been tested?

   Should the results of such tests be made available to
    insurance companies? to potential employers? to
    potential mates?

   If a genetics counselor was asked about the possibility
    of an abortion, how should the counselor respond?
    Sample case: Breast Cancer

While Elizabeth is reading the morning newspaper,
she notices an ad for a free genetic screening for breast
cancer at the clinic next week. The ad specifically
invites women of Ashkenazi Jewish ancestry to
participate. According to the newspaper ad, subjects
will be tested to see whether they have mutations in
the BRCA1 gene which would predispose them to
breast cancer.
Elizabeth, age 27, had heard about the discovery of the
gene and about the mutation linked to Jewish
women...
        Sample case continued


Her paternal grandmother had been diagnosed with
breast cancer at age 51 and died two years later, and
Elizabeth worried that she had inherited the disease.
She also worried about her mother, age 52 and
apparently cancer-free so far, and her 7-year old
daughter.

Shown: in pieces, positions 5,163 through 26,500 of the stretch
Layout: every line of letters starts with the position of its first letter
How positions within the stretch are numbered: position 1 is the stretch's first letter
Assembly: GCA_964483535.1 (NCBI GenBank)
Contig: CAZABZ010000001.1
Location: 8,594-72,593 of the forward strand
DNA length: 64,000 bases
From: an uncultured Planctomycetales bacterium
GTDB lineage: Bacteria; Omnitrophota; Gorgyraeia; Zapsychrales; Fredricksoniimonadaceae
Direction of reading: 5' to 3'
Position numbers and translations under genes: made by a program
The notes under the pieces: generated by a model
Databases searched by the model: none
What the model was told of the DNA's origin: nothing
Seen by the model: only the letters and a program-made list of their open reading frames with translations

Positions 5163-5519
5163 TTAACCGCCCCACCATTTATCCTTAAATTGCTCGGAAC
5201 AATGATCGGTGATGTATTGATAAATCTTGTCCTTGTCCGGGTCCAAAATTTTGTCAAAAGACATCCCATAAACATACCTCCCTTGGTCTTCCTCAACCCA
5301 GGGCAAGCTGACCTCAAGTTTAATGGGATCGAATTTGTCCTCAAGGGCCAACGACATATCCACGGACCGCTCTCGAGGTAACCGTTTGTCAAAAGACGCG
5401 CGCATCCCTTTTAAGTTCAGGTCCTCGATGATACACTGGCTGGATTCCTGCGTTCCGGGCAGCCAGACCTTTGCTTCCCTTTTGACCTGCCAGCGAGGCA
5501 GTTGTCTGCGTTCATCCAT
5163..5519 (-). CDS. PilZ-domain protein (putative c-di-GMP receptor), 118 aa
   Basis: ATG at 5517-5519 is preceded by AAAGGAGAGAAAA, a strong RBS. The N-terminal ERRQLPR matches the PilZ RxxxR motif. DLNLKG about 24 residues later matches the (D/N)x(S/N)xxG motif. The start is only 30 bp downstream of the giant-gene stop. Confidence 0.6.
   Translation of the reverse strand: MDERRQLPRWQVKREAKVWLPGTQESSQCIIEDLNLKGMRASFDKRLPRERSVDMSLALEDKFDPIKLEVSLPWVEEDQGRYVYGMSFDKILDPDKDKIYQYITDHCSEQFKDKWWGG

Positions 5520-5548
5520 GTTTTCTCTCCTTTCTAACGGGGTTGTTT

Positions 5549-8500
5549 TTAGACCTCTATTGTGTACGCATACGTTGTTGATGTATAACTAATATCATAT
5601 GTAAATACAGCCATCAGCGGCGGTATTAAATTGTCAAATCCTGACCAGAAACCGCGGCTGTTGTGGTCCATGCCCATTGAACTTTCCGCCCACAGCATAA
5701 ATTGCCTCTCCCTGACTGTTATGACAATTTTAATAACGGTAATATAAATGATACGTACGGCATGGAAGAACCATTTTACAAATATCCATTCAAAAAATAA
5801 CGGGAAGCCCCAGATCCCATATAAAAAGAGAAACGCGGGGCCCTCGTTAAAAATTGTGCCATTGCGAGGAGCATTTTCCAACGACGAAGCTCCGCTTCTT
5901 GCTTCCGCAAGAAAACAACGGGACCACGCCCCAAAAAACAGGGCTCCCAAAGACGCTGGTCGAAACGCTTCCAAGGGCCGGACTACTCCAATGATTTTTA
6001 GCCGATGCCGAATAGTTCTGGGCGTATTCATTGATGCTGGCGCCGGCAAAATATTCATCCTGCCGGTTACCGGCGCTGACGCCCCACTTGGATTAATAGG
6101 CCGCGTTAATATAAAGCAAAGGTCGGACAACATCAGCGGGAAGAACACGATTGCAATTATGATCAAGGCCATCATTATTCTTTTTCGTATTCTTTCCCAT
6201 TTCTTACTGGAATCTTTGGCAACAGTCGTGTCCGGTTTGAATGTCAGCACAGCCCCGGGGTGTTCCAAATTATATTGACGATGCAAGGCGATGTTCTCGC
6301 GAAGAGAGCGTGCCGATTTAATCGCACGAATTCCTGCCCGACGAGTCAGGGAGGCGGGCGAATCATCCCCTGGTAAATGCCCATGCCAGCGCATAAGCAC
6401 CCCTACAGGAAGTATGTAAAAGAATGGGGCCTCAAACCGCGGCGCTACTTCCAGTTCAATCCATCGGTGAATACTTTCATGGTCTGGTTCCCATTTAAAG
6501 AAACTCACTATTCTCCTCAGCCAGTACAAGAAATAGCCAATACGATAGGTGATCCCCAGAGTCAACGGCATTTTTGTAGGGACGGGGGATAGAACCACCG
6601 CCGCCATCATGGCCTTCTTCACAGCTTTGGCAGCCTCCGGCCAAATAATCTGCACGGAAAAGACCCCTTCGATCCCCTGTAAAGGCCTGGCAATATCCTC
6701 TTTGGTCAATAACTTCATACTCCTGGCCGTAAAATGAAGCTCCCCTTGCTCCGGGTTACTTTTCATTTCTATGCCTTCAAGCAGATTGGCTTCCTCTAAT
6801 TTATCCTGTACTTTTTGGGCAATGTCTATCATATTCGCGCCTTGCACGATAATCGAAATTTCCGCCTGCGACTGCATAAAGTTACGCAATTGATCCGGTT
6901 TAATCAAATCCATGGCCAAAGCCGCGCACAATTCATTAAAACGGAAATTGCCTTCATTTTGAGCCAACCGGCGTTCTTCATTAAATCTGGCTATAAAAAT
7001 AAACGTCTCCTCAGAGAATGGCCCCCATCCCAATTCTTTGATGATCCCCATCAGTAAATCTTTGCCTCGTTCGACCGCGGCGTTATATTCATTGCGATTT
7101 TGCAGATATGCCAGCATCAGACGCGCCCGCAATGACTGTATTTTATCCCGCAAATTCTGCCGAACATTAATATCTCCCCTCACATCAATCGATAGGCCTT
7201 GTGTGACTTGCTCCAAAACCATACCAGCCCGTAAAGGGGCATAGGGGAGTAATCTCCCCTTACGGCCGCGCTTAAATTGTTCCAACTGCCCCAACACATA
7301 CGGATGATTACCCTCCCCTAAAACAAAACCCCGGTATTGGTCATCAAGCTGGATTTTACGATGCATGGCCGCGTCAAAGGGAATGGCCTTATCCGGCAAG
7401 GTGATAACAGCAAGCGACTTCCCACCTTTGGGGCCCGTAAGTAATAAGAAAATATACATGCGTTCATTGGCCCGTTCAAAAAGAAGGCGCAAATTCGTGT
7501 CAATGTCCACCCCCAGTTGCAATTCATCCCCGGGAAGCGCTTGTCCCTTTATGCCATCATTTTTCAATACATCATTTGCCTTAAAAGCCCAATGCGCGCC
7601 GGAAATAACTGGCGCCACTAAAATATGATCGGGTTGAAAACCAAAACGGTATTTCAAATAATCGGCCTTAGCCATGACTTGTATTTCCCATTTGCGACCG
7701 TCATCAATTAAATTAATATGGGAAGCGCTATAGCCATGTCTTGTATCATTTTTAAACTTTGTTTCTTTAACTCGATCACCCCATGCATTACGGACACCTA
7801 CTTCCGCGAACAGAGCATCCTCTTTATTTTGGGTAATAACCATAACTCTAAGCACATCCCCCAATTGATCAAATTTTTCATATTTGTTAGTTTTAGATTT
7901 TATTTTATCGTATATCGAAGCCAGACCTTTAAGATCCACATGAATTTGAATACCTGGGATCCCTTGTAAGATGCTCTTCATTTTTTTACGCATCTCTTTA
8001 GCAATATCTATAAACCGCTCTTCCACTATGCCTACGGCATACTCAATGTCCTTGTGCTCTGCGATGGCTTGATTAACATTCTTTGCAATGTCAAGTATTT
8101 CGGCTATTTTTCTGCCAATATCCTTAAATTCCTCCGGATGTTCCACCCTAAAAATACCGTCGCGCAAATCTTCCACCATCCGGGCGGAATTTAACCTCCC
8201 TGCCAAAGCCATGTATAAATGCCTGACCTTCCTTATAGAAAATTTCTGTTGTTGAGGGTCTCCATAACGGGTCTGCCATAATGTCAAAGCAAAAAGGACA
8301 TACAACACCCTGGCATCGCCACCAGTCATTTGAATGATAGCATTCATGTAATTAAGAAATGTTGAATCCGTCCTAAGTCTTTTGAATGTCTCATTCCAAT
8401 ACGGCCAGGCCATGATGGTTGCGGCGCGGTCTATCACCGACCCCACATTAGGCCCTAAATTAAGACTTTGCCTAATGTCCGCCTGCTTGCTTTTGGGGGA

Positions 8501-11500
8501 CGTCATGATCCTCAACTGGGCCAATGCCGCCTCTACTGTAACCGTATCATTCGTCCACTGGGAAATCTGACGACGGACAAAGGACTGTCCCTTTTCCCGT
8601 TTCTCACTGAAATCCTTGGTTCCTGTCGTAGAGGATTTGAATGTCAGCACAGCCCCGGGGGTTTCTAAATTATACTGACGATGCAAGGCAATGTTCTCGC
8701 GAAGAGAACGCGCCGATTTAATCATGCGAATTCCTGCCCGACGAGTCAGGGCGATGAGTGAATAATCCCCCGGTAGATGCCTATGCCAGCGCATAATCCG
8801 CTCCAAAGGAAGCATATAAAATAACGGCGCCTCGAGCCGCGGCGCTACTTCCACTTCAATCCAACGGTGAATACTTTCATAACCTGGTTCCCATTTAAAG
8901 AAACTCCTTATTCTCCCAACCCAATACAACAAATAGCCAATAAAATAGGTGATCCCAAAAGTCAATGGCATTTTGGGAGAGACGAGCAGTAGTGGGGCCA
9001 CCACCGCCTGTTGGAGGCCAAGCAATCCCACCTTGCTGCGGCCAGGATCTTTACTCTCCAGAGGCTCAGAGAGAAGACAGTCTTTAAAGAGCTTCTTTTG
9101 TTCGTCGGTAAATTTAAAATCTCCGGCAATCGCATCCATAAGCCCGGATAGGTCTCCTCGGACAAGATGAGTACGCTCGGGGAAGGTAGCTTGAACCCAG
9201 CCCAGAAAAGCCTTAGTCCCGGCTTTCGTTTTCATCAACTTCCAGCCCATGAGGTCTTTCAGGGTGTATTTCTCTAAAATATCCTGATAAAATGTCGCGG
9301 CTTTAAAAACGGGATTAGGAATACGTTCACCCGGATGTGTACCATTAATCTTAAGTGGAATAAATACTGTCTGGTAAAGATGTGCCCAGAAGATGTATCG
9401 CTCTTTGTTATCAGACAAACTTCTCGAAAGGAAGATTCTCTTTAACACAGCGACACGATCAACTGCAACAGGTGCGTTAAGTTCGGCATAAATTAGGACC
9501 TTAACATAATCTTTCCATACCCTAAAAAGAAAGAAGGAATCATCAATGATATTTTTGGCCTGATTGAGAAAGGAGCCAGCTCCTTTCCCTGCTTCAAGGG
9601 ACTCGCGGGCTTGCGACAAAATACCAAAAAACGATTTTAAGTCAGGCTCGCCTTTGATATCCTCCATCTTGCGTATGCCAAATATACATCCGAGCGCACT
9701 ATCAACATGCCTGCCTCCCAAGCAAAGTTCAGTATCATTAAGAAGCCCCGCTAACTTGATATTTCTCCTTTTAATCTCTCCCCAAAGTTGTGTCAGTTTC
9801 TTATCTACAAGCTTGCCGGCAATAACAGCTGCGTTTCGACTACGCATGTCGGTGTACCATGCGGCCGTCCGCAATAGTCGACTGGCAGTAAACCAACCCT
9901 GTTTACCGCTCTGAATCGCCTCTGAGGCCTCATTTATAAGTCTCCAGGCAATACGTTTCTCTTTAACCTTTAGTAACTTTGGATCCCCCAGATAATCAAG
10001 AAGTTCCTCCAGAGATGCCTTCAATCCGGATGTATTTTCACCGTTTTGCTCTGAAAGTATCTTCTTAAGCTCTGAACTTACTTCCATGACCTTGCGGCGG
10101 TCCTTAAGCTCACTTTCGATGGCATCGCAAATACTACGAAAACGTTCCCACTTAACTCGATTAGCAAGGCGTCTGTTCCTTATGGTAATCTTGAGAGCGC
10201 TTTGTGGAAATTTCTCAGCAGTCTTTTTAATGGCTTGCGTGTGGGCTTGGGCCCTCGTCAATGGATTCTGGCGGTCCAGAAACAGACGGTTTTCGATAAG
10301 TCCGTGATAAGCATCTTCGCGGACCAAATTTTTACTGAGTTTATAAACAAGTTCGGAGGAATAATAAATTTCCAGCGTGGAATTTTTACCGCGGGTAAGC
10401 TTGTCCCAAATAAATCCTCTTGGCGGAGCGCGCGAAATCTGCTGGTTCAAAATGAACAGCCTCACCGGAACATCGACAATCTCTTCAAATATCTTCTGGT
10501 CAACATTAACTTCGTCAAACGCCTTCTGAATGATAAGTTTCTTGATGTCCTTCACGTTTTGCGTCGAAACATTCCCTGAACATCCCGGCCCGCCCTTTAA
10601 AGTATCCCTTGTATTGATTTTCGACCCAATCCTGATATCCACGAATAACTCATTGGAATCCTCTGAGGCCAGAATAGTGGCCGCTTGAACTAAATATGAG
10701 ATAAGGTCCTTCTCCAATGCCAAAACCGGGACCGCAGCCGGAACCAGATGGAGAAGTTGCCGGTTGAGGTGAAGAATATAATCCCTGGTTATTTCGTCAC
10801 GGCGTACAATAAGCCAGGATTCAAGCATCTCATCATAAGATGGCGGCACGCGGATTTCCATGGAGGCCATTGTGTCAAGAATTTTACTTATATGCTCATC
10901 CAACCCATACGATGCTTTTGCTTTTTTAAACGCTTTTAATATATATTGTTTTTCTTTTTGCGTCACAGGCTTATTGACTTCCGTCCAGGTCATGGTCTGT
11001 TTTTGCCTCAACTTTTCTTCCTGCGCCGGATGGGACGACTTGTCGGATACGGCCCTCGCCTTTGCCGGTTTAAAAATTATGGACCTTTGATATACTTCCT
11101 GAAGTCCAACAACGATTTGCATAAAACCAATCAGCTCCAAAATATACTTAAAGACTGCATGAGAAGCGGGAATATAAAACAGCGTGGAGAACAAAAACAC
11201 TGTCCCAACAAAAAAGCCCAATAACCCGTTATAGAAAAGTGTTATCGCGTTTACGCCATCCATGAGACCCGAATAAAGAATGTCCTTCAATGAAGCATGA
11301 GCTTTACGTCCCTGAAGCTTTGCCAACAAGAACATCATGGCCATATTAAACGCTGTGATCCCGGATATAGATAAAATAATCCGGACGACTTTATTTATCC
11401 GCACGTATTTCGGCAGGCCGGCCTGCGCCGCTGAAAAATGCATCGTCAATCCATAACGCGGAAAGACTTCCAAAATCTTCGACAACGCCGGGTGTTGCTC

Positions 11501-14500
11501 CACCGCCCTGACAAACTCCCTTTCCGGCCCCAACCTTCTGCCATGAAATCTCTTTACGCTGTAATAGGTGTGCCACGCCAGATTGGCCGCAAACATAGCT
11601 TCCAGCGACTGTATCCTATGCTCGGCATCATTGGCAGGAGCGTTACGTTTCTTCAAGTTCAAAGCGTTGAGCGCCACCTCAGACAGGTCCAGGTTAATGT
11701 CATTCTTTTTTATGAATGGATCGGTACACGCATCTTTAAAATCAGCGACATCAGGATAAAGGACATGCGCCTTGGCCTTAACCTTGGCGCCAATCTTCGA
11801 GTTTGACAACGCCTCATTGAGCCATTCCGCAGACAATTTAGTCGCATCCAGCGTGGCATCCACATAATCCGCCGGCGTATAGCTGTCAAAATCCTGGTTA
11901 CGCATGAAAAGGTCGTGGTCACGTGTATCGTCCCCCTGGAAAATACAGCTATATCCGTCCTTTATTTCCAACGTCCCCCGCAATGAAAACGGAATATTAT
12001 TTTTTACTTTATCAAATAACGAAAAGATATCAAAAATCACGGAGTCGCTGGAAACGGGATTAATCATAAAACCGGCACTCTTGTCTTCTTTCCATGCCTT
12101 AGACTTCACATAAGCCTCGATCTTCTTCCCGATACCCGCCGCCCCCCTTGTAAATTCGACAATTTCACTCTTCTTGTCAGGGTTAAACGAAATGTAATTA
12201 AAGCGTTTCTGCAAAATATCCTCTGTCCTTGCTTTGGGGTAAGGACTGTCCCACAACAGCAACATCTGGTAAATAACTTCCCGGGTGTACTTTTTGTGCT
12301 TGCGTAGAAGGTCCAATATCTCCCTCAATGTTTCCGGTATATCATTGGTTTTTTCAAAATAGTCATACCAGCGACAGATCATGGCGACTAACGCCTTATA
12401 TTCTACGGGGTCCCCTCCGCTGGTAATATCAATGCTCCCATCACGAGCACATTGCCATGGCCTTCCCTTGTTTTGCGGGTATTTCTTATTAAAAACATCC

Her daughter is not allowed to participate in the
screening, but Elizabeth convinces her mother to go
with her to get tested.
Results of dot blot for Breast Cancer Case A
                      Ethical issues

 If either Elizabeth or her mother test positive, is a
  prophylactic double mastectomy appropriate?

 If Elizabeth talks her mother into getting tested, how does
  the counselor deal with the hard feelings that might result
  if Elizabeth tests negative and her mother tests positive?

 Who should have access to these test results?

 Does the daughter have the right to know the results? She
  is only seven now, but what about when she is 16?

 Should this type of screening be mandatory?
   Poster creation and conferencing

Original system:
 Taught students how to use a commercial web page
  editor to create web page "posters", which were stored
  in each student's personal server space at UWRF, not in
  a central location
 Used WebCT to create discussion forums for each
  student group
 Manually created web page to link student posters and
  discussion forums
   Poster creation and conferencing

Problems with original approach:
 Logistically cumbersome and time-consuming
 Difficult to make links to discussion forums using
  newest version of WebCT
 Not easy to add new schools to the system, since
  everything had to be done manually
 Took too much time to teach students how to use
  commercial web page editor
   Poster creation and conferencing

Solution:
 Create our own integrated system
 Simple web-page editor to put together posters with